Anyhow, your idea of roughing out a plot and offering it to others to contribute sounds good to me. Let me know when you're ready and we can then arrange it on the site.

Returning to your topic of Magic: here's something that could turn out to be quite a sizeable issue in our pioneering literary community, for the basic reason that the psychic-accretion model of OSS formation would seem naturally to lead to the idea of OSS-counterparts on other planes of existence. In a sense they would consist of the same worlds, but facing into different realities, like a house has windows on different fronts - see the "Kroth" theme of dimensional extension of Earth into a universe with different laws.

The concept of "magic" is a challenge in itself. It's profoundly ambiguous. It can mean a system whereby symbols can have a feedback effect on reality, so that the relation between map and territory is reversed; one might call this the "traditional" or "strong" concept of magic. On the other hand the word can be taken to mean something very different: namely, a system which merely brings into play hitherto-unrecognized "paranormal powers"; one might call this the "weak" concept of magic as it shades merely into new science.

Of course, even the strong concept - call it s-magic as opposed to w-magic - must have laws of its own, rather than be utterly chaotic, random and meaningless; but those laws, whatever they are, must work by symbolic association rather than any sort of physics, and that makes them really alien to the rest of nature...

...Unless, that is, you posit some kind of associational field-theory which allows symbolism to have unsuspected roots in the energy-force-matter matrix... duh, I think I'll stop now.}

Jan 31, 2018
Suggeested term for the Daedalus Incident sub-genre
by: Robert Gibson

How about WHOSS (Windjammer-Historic-OSS) for the Daedalus trilogy / "Wreck of the Mars Adventure" type dimensional extension of the OSS, in which the System is accessible to sail?

{Z: I like it. Can't think of a better idea myself. Pending advice from anyone who can, I'll provisionally add WHOSS to the list of acronyms on the home page's section on useful terms.}

Jan 31, 2018
Daedalus & OSS
by: Anonymous

I checked out the plot for The Daedalus Incident—definitely promises to be a fascinating read. Alternate history, magic, dimensional weirdness, and it's set on Mars and Ganymede! But I guess that's sort of the problem, OSS-wise—with everything going on, the Solar System is mostly just there as background.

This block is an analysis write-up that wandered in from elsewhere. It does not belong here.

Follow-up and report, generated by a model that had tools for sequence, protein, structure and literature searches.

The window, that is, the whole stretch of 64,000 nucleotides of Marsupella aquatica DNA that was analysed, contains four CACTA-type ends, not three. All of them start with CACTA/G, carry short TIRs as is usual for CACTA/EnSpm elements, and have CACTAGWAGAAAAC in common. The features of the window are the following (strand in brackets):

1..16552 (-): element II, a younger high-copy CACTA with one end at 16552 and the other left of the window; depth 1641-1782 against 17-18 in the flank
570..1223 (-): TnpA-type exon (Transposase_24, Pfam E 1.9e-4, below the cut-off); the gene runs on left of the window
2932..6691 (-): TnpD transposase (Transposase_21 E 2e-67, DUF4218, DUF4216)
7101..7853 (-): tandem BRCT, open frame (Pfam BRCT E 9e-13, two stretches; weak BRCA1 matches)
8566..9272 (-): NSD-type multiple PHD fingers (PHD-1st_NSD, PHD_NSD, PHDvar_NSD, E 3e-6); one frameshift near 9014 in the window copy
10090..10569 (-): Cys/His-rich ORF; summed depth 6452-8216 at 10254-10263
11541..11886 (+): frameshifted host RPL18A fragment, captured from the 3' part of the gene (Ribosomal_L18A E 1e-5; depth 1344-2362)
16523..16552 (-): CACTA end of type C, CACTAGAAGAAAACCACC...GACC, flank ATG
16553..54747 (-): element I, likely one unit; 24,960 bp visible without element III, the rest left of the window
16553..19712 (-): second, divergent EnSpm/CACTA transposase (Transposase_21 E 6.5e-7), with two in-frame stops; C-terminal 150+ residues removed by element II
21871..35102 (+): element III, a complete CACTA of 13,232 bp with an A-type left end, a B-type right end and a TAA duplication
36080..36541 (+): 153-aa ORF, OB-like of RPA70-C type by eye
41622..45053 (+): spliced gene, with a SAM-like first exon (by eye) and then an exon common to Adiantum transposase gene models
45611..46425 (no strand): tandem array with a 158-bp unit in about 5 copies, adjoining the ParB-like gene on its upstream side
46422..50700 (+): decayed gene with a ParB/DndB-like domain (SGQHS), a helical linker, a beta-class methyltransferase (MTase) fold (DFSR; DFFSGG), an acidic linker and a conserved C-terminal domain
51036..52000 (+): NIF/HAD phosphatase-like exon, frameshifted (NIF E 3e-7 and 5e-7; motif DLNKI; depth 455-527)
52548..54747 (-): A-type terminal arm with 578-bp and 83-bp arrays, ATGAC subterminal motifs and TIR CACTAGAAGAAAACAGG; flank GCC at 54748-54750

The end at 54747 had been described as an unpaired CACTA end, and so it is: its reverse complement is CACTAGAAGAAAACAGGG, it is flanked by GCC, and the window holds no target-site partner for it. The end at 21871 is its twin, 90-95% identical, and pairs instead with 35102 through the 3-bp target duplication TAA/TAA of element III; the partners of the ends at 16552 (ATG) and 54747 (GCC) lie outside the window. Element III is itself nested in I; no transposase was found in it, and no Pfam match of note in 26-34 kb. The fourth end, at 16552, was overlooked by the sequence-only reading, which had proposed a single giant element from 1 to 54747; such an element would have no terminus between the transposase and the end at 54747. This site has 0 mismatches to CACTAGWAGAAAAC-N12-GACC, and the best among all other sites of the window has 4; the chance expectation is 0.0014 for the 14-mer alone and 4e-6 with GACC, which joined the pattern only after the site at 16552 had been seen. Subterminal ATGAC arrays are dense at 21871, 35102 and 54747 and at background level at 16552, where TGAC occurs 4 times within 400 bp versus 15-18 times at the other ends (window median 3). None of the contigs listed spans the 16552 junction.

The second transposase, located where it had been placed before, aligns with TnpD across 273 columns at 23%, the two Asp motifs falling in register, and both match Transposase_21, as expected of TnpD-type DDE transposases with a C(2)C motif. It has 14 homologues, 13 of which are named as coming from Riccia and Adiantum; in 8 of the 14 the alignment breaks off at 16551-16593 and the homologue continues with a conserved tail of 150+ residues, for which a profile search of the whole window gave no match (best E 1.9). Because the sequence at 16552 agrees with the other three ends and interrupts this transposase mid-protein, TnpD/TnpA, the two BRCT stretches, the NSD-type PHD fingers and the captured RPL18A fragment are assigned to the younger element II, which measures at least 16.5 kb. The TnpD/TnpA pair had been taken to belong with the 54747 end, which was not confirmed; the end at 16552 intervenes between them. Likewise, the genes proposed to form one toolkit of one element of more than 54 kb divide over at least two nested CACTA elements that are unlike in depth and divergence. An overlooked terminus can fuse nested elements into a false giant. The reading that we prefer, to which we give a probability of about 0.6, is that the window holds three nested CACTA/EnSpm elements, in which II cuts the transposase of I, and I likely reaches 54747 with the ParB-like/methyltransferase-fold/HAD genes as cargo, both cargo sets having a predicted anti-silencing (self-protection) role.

Martinez' approach is also a bit opposite to the road I'd take—human-centered vs multiple-species perspective, familiar historic figures with a major twist vs new characters not connected to known history (in any obvious ways at least). Maybe I could write another page about all the choices an author has in matching or clashing different elements of reality.

{Z: yes, from our OSS sub-genre's point of view, the trouble with the Daedalus series is its skimpy coverage of the actual worlds. As you say, they seem mostly to be just background. (With a few exceptions here and there - in particular, you'll find there's a good "take" on Saturn's rings.) Mostly, Martinez is exploring a different genre, and we should maybe try to think of a name for it, unless someone already has.}

Jan 29, 2018
by: Dylan Jeninga

To A.R. Parwini, hello and welcome! An interesting article indeed - reminds me a bit of The Daedelus Incident, with an alternate-reality OSS mingling with our own Solar System. I liked but didn't love that book, and I'd be open to reading another author's take on the idea.

{Z: same here - I liked but didn't love the Martinez reality-spectrum. A.R.'s sounds more promising - and how about something for the next Anthology, A.R.? The scene-shifts you mention certainly cover the right sort of territory! Suggest you brood over the "Tales Unwritten" page while you're about it - some topics there are plaintively crying out for attention.}